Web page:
Book Image

The Docker Workshop

By : Vincent Sesto, Onur Yılmaz, Sathsara Sarathchandra, Aric Renzo, Engy Fouda
5 (3)
Book Image

The Docker Workshop

5 (3)
By: Vincent Sesto, Onur Yılmaz, Sathsara Sarathchandra, Aric Renzo, Engy Fouda

Overview of this book

No doubt Docker Containers are the future of highly-scalable software systems and have cost and runtime efficient supporting infrastructure. But learning it might look complex as it comes with many technicalities. This is where The Docker Workshop will help you. Through this workshop, you’ll quickly learn how to work with containers and Docker with the help of practical activities.? The workshop starts with Docker containers, enabling you to understand how it works. You’ll run third party Docker images and also create your own images using Dockerfiles and multi-stage Dockerfiles. Next, you’ll create environments for Docker images, and expedite your deployment and testing process with Continuous Integration. Moving ahead, you’ll tap into interesting topics and learn how to implement production-ready environments using Docker Swarm. You’ll also apply best practices to secure Docker images and to ensure that production environments are running at maximum capacity. Towards the end, you’ll gather skills to successfully move Docker from development to testing, and then into production. While doing so, you’ll learn how to troubleshoot issues, clear up resource bottlenecks and optimize the performance of services. By the end of this workshop, you’ll be able to utilize Docker containers in real-world use cases.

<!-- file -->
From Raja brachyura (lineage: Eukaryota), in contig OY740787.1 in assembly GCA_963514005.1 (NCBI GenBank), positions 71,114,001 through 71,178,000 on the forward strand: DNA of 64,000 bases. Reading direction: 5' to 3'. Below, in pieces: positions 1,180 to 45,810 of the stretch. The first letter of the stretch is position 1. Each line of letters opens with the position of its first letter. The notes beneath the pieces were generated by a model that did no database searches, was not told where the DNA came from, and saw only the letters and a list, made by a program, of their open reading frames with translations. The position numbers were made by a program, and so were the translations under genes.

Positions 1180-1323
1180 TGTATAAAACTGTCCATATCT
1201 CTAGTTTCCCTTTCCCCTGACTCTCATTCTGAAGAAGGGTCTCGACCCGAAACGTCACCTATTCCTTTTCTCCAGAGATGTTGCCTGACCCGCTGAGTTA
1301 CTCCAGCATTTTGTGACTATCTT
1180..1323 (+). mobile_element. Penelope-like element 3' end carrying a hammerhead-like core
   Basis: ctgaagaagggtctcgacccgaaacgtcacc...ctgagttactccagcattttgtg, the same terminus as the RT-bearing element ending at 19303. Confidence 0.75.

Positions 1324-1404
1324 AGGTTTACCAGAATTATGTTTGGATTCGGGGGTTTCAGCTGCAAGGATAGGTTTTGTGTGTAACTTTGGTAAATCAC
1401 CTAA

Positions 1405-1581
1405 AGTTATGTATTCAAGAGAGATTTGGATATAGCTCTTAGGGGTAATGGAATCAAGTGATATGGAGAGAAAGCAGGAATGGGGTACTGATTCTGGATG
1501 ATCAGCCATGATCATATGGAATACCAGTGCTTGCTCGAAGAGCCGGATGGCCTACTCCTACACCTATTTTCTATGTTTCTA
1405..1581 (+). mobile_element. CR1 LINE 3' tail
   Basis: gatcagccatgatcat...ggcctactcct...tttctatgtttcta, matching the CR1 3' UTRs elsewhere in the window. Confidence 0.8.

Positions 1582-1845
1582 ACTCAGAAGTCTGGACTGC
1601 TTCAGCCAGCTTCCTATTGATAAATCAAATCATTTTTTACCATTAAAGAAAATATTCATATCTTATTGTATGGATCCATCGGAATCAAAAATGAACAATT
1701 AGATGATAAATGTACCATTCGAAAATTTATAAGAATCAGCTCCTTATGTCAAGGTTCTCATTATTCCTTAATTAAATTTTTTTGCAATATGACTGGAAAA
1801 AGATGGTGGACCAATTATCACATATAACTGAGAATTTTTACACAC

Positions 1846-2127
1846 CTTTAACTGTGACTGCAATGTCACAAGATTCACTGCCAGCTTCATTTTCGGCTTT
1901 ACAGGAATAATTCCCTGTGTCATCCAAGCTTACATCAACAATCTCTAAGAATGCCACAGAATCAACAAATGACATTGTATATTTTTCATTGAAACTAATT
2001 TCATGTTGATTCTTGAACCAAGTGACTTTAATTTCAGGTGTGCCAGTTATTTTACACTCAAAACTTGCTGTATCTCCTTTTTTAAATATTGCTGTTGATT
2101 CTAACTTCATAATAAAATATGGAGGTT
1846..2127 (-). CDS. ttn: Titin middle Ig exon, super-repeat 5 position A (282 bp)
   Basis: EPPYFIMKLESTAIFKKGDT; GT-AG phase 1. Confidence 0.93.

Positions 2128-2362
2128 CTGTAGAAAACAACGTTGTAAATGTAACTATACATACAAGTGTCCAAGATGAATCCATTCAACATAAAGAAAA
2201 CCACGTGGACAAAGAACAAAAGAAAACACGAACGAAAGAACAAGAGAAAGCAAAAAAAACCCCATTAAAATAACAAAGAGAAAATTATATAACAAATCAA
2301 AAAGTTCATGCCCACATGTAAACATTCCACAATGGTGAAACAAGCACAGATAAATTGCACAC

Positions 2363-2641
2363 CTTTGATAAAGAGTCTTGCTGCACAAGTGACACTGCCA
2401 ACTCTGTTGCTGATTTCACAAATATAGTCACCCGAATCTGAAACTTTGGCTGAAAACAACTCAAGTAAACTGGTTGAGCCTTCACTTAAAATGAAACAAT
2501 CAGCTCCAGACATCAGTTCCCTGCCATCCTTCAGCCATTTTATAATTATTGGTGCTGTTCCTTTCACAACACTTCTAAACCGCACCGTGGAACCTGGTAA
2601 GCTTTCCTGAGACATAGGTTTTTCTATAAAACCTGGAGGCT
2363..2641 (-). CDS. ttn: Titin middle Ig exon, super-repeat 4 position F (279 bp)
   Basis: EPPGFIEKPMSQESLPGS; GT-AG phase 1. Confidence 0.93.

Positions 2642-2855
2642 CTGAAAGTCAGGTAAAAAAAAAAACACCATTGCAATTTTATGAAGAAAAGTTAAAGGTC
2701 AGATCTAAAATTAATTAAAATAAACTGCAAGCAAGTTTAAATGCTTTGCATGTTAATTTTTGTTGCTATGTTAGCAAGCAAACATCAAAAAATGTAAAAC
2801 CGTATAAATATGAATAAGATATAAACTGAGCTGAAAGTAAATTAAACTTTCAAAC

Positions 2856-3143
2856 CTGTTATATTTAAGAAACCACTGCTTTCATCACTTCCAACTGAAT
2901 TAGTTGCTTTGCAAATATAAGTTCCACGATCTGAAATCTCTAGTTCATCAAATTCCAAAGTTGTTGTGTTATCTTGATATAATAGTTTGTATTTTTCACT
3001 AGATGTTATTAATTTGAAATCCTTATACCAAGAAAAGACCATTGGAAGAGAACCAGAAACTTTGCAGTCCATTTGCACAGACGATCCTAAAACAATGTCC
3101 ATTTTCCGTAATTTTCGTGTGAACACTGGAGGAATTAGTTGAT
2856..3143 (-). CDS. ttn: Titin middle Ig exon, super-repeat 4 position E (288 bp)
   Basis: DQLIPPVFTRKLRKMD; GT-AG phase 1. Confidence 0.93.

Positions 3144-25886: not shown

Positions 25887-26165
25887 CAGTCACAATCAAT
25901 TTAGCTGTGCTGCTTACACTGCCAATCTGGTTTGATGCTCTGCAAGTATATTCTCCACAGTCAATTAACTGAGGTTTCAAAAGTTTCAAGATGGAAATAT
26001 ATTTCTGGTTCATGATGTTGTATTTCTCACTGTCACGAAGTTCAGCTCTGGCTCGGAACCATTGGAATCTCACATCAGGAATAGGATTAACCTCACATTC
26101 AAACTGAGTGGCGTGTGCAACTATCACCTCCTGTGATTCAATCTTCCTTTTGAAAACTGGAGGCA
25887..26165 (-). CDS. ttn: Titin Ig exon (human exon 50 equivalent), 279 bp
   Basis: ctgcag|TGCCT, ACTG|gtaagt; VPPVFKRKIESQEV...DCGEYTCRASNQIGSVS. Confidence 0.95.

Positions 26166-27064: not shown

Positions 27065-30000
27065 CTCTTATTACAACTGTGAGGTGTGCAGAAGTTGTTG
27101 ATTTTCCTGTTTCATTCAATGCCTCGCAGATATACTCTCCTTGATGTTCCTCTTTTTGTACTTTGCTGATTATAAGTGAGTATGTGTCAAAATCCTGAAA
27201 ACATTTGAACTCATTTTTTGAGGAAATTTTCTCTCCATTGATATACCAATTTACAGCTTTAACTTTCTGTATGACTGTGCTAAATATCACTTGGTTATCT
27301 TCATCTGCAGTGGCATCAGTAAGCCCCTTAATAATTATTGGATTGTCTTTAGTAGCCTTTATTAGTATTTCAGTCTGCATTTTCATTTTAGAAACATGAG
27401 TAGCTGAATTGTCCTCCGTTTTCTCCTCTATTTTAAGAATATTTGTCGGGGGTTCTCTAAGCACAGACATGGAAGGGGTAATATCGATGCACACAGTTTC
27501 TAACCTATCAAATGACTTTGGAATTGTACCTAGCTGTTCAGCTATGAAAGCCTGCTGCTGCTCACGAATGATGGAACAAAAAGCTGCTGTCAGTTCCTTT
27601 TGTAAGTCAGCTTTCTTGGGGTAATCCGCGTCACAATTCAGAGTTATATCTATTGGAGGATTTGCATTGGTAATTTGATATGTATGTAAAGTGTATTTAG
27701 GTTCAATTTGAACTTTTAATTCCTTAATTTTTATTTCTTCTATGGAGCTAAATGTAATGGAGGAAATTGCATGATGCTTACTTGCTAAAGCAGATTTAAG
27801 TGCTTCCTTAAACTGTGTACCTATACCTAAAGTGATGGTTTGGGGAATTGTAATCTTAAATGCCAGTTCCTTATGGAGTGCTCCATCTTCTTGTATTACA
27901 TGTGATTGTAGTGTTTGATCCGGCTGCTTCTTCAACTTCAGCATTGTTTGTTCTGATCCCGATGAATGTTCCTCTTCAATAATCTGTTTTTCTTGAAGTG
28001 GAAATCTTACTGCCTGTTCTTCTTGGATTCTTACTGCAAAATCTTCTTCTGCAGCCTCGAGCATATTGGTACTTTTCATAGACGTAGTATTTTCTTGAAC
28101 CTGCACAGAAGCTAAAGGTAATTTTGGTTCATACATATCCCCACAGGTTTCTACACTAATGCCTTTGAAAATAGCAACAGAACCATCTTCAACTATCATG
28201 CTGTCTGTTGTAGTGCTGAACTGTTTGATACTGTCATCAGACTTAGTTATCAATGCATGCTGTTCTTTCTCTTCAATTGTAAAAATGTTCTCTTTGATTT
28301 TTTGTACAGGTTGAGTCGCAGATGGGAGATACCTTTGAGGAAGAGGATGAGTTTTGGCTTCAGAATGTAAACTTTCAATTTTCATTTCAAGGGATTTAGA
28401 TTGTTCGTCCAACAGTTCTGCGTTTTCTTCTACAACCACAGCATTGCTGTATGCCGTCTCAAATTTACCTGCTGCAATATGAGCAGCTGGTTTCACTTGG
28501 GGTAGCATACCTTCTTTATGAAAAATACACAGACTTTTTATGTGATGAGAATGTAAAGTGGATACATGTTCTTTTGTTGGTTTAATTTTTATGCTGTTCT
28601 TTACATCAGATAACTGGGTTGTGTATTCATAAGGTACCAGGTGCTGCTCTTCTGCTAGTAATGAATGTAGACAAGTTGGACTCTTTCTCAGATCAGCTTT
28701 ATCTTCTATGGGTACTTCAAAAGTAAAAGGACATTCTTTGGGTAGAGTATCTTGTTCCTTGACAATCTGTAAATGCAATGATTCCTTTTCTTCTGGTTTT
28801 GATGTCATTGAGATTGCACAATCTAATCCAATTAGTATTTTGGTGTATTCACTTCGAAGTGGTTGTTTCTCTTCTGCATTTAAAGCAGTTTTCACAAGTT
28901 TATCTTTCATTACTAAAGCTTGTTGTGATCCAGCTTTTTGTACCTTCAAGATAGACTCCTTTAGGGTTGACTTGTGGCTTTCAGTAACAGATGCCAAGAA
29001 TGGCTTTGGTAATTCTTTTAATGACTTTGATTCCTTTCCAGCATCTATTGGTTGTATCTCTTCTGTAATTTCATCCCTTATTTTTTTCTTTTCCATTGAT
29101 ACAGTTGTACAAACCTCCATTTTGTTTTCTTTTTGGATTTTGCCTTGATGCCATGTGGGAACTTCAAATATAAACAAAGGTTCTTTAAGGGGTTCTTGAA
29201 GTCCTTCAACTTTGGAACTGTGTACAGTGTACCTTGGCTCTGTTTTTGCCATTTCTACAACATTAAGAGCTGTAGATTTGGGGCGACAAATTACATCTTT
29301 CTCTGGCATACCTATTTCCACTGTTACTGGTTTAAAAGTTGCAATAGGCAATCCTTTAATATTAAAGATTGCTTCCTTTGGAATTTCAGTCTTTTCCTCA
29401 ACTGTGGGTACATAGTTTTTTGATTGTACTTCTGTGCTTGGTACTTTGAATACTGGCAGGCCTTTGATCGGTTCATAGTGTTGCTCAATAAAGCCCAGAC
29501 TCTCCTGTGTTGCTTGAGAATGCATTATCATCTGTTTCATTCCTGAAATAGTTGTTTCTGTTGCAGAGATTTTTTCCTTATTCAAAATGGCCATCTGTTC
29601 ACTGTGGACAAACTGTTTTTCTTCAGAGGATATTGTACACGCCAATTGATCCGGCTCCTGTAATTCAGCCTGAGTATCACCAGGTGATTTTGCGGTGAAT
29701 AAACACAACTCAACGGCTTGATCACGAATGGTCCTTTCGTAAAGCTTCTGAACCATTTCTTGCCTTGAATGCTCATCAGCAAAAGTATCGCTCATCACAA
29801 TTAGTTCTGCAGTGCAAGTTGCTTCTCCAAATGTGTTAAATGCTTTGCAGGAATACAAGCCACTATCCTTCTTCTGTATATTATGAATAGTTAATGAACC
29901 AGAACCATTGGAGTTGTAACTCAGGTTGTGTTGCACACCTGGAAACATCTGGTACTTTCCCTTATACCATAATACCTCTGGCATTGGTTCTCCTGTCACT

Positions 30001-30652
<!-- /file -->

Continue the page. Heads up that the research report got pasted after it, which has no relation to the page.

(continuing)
Table of Contents (17 chapters)
Preface

Deploying Swarm Deployments from Docker Compose

Deploying a complete environment is easy with Docker Swarm; you'll see that most of the work is already done if you have been running your containers using Docker Compose. This means you won't need to manually start services one by one in Swarm as we did in the previous section of this chapter.

If you already have a docker-compose.yml file available to bring up your services and applications, there is a good chance it will simply work without issues. Swarm will use the stack deploy command to deploy all your services across the Swarm nodes. All you need to do is provide the compose file and assign the stack a name:

docker stack deploy --compose-file <compose_file> <swarm_name>

The stack creation is quick and seamless, but a lot is happening in the background to make sure all services are running correctly—including setting up networks between all the services and starting up each of the services...